How Airplast made EDF Lab Paris-Saclay more sustainable
by Nikola Tosic, 5 December 2018
EDF Lab in Paris-Saclay is one of 9 research facilities owned by EDF Energy. EDF research budget is more than half a billion EUR annually. EFD Lab in Paris-Saclay is designed to host more than 1,000 researchers in the fields of engineering, data processing, energy efficiency, ICT, as well as other fields. The EDF Lab consists of four circular buildings: Iroice, Azur, Emeraude, and Opale – totaling 52,000 m2. EFD Lab is designed to be innovative in every aspect including sustainability. Project was managed by Besix.
Besix has chosen to use Geoplast Airplast to design the slabs in all four circular buildings. Airplast reduced the overall weight of the building improving its seismic resistance and sustainability. Sustainability was improved through the reduction of concrete use as Airplast creates air pockets within the slabs and by reduction of energy use for production and transport of concrete and overall building time. Slabs lightened by Airplast are more seismically resistant due to lower weight and higher flexibility.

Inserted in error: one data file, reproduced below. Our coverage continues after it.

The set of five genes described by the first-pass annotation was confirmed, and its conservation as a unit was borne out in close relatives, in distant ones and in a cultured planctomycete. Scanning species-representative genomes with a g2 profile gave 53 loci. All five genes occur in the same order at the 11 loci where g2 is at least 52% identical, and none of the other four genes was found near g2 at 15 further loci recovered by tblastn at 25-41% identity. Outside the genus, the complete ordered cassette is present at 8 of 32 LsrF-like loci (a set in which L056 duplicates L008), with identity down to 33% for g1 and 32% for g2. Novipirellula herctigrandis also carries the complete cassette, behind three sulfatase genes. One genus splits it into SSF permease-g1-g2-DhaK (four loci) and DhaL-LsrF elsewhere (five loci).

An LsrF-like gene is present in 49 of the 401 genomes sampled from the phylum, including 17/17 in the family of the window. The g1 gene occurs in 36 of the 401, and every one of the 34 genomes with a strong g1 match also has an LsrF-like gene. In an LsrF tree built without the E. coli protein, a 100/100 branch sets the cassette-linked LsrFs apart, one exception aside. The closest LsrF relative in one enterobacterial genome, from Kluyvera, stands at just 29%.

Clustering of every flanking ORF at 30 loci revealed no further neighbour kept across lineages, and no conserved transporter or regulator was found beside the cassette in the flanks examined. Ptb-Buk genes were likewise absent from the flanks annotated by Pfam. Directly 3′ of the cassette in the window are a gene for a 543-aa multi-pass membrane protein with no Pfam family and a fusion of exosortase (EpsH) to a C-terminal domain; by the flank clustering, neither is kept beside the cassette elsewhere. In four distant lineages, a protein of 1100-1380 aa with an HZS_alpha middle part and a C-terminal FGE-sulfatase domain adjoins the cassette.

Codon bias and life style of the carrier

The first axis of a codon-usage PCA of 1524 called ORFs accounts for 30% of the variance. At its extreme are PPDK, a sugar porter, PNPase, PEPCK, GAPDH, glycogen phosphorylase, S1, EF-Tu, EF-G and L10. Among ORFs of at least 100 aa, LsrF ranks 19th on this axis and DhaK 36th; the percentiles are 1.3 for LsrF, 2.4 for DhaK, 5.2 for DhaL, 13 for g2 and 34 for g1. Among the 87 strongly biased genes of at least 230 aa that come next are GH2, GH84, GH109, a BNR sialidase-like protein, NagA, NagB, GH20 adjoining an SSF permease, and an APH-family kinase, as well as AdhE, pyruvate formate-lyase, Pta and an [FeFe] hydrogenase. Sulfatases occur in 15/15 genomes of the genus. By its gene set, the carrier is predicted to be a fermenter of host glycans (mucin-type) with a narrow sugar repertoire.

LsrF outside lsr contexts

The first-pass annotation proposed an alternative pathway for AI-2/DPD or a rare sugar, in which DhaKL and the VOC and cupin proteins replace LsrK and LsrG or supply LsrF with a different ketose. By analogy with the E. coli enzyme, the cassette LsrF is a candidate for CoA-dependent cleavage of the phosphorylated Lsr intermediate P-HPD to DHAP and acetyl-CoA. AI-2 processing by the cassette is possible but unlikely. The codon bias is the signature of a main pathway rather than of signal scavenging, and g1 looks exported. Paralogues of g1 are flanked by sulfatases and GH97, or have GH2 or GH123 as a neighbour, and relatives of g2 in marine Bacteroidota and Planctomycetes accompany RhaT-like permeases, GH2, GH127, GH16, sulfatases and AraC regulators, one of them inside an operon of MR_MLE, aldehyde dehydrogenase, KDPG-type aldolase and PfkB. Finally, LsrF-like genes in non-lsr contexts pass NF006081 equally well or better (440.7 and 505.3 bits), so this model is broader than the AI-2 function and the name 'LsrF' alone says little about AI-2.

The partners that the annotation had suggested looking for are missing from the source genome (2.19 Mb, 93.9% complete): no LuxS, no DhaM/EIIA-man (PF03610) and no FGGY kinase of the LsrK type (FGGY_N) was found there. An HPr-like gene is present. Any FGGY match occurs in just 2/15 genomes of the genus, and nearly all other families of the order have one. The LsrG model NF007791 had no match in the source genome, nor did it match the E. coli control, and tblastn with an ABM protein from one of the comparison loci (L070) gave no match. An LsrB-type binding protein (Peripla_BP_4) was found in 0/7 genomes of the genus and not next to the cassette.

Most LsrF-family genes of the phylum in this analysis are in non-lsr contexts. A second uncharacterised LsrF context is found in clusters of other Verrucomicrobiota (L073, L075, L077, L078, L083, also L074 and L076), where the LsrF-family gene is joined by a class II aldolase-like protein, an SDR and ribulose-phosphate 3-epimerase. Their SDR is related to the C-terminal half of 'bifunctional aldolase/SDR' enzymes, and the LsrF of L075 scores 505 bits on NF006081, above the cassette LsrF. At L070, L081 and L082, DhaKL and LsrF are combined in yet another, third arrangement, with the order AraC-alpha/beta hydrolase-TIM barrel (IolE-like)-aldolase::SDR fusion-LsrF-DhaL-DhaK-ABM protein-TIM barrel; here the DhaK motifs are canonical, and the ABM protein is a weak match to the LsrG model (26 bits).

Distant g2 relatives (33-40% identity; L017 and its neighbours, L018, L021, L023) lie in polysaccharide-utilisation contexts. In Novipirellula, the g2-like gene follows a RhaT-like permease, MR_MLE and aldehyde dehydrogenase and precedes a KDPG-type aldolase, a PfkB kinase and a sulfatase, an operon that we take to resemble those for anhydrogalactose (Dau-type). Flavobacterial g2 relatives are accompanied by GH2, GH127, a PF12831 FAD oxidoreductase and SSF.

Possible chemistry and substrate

Sustainability benefits for large projects
Substantially large projects such as the EDF Lab can experience great sustainability and performance benefits from applying Geoplast Slabs, Foundations, and Green Solutions. The bigger the surface area is the more benefits are offered by the ventilated foundations, lightened slabs, and green roofs. Our Slabs Solutions offer advantages both in terms of buildings’ seismic response and costs:
- Up to 20% reduction of the mass of the entire building,
- Up to 20% decrease of seismic acceleration and seismic force, and even up to 30% in case of tall buildings or areas with high seismic acceleration,
- Up to 25% reduction of concrete consumption,
- Up to 15% reduction of steel consumption,
- 15% savings in comparison to full slabs.
With less concrete used, the lower the CO2 emissions from concrete and related activities are.